© 2019 by Ali Thabet


We present a self-supervised task on point clouds, in order to learn meaningful point-wise features that encode local structure around each point. Our self-supervised network, named MortonNet, operates directly on unstructured/unordered point clouds. Using a multi-layer RNN, MortonNet predicts the next point in a point sequence created by a popular and fast Space Filling Curve, the Mortonorder curve. The final RNN state (coined Morton feature) is versatile and can be used in generic 3D tasks on point clouds. In fact, we show how Morton features can be used to significantly improve performance (+3% for 2 popular semantic segmentation algorithms) in the task of semantic segmentation of point clouds on the challenging and large-scale S3DIS dataset. We also show how MortonNet trained on S3DIS transfers well to another large-scale dataset, vKITTI, leading to an improvement over state-ofthe-art of 3.8%. Finally, we use Morton features to train a much simpler and more stable model for part segmentation in ShapeNet. Our results show how our self-supervised task results in features that are useful for 3D segmentation tasks, and generalize well to other datasets.

MortonNet: Self-Supervised Learning of Local Features in 3D Point Clouds

Convolutional Neural Networks (CNNs) achieve impressive results in a wide variety of fields. Their success benefited from a massive boost with the ability to train very deep CNN models. Despite their positive results, CNNs fail to properly address problems with non-Euclidean data. To overcome this challenge, Graph Convolutional Networks (GCNs) build graphs to represent non-Euclidean data, and borrow concepts from CNNs and apply them to train these models. GCNs show promising results, but they are limited to very shallow models due to the vanishing gradient problem. As a result most state-of-the-art GCN algorithms are no deeper than 3 or 4 layers. In this work, we present new ways to successfully train very deep GCNs. We borrow concepts from CNNs, mainly residual/dense connections and dilated convolutions, and adapt them to GCN architectures. Through extensive experiments, we show the positive effect of these deep GCN frameworks. Finally, we use these new concepts to build a very deep 56-layer GCN, and show how it significantly boosts performance (+3.7% mIoU over state-of-the-art) in the task of point cloud semantic segmentation.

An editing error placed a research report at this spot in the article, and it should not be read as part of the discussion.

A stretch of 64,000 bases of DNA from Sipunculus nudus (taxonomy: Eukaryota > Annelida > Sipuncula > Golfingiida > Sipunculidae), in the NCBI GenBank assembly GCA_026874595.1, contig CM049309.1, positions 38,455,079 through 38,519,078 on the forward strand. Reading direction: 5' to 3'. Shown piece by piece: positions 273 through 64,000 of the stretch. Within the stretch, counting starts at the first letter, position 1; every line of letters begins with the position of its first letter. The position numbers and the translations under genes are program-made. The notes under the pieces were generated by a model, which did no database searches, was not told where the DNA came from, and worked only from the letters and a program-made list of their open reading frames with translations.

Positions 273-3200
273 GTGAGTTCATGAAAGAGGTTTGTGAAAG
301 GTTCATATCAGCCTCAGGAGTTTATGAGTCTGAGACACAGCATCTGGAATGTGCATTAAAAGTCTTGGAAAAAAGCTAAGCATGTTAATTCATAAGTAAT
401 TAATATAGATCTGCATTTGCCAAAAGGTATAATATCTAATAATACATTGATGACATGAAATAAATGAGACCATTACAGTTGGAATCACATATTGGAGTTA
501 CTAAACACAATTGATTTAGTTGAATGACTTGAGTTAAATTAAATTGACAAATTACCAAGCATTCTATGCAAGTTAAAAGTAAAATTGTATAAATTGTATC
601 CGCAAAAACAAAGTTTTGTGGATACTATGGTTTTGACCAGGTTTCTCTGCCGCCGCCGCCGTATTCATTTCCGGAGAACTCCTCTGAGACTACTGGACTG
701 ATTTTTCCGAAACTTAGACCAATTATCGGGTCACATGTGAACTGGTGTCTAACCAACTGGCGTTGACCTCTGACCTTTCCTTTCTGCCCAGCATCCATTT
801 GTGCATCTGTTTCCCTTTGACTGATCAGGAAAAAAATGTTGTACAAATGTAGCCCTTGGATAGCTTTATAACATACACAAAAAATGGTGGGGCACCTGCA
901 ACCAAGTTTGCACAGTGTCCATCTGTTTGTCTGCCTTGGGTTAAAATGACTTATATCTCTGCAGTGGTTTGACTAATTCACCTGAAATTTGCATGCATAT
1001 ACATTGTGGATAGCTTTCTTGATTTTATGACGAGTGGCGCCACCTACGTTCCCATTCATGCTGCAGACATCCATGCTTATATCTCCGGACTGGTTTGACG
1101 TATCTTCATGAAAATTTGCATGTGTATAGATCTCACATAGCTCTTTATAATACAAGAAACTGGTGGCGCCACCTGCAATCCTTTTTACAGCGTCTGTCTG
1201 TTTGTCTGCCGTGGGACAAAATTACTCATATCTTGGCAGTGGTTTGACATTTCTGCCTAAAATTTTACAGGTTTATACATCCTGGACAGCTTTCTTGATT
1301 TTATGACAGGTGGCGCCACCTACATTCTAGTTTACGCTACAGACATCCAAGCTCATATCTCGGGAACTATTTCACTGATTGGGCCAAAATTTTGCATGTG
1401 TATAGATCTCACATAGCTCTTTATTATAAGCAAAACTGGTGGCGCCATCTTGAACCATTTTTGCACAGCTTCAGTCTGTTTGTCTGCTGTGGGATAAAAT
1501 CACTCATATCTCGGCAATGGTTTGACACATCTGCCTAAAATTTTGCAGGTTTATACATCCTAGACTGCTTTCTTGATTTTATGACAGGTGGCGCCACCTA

Can GCNs Go as Deep as CNNs?